2. The angle of the bore at the instant of exit due to rotation around the rifle's CM as computed from the transverse displacement of the muzzle in meters, divided by the radius of rotation which I assume to be the distance between muzzle and CM, likewise in meters.

Perhaps a sketch will help -- motion much exaggerated of course.

image

I did not remove the TX shroud, but assumed its motion was an adequately accurate reflection of the barrel's.

As to the importance of either component to accuracy, of course all that matters is, not their magnitude per-se, but rather how they may deviate (e.g, due to inconsistency in hold, etc.) from shot to shot.  If both are perfectly constant, then however large or small they are is irrelevant to accuracy.  However, the larger their average magnitude is, then perhaps the larger the shot to shot deviations that may be expected.

Thanks, Steve!

In general I agree that as long as the vibrations/motions are consistent, things should be consistent but, then, the MV also needs to be consistent. And, as we know, it is not.

As a gunsmith, I have seen guns produce single digits ES, and almost zero sSd in 20 shot strings and even 100 shot strings. BUT, next string, something "pops up". EVEN if the shooter him/her self is absolutely consistent on hold, the variance of MV would inject variances in the POD (Point of Departure), as well as the 3D velocity of the pellet.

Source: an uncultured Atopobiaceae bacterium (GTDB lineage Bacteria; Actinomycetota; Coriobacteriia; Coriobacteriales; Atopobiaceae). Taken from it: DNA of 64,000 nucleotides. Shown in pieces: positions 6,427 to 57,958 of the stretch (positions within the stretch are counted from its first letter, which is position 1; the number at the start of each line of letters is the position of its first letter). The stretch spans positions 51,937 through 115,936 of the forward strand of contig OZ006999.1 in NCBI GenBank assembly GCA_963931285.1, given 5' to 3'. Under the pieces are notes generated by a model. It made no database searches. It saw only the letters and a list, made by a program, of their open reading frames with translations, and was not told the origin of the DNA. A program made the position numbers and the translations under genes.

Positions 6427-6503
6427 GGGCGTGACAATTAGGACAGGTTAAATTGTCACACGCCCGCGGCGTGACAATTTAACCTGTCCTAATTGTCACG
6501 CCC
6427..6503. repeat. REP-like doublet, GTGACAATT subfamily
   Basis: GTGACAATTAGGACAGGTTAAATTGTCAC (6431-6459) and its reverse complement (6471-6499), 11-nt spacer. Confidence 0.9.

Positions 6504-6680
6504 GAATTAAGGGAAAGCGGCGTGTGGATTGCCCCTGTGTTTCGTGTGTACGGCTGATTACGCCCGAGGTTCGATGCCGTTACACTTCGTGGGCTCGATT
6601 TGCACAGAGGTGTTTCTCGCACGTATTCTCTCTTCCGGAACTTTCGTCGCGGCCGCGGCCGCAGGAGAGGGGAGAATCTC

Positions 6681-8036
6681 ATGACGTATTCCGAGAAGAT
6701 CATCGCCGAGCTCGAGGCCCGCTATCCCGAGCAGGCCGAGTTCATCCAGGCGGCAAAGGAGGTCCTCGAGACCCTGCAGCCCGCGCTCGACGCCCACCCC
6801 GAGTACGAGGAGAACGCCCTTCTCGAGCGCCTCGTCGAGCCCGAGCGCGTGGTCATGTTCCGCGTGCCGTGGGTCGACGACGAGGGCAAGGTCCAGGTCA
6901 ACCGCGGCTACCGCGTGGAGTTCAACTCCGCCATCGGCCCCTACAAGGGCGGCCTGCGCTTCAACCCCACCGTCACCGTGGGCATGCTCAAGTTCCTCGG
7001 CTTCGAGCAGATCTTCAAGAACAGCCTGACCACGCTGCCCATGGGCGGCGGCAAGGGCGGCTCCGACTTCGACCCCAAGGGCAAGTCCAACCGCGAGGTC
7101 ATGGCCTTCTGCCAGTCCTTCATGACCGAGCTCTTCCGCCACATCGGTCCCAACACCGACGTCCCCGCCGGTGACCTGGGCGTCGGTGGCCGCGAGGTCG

For a humanly achievable uniform hold then, the most important variation introduced into the pellet's trajectory, and therefore POI given an initial (pre-shot cycle) POA, is the transverse velocity of the muzzle.  In my simple mind, this confirms that the best possible use of the efforts in tuning a gun are in making the barrel vibrate in such a way that the transverse velocity of the muzzle is as close to zero as possible, and that is where the "harmonics tuners" come into place (between quotes because I have been corrected, LOL!). By making the pellet leave the muzzle at the end of most of the excursions through space (in the end, this is also a statistical problem), the transverse velocity is minimized and most of the accuracy / precision falls on the shooter, the hold, and the uniformity of the internal ballistics.

The other way of attacking this problem is to change the pellet exit point in time. Whether with a "Snappy" tune or a "Soft Thud" tune, what we are moving is the Dwell Time of the pellet in the barrel, and therefore the point in time where it leaves the muzzle.

What is fantastic about this whole experiment of yours is that NOW we have an objective means to define what we need to do to achieve a close to optimum tune. AND we can check how good a shot cycle is in objective terms.

So, congrats, well done!

Now, it would be nice to build some sort of "portable" system that can be used in the field. With the shooter shooting his gun, with his pellets, in his position.

😉

As for the TX, I am not so sure I would trust the shroud to follow real closely the barrel or to provide good data. Consider that the barrel itself is about 3" shorter than the shroud, so the real radius is different and it is an important number in the position of the CoG relative to the muzzle, as the hollow shroud cannot be as heavy per unit of length as the barrel/shroud combination. Barrel IS glued to the shroud, so it may not be important.

Thanks, Great work!

 

 

 

 

HM


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Steve in NC
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Thanks, Hector.   I'm happy to have made a contribution to the art that's better than criticism.


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Steve in NC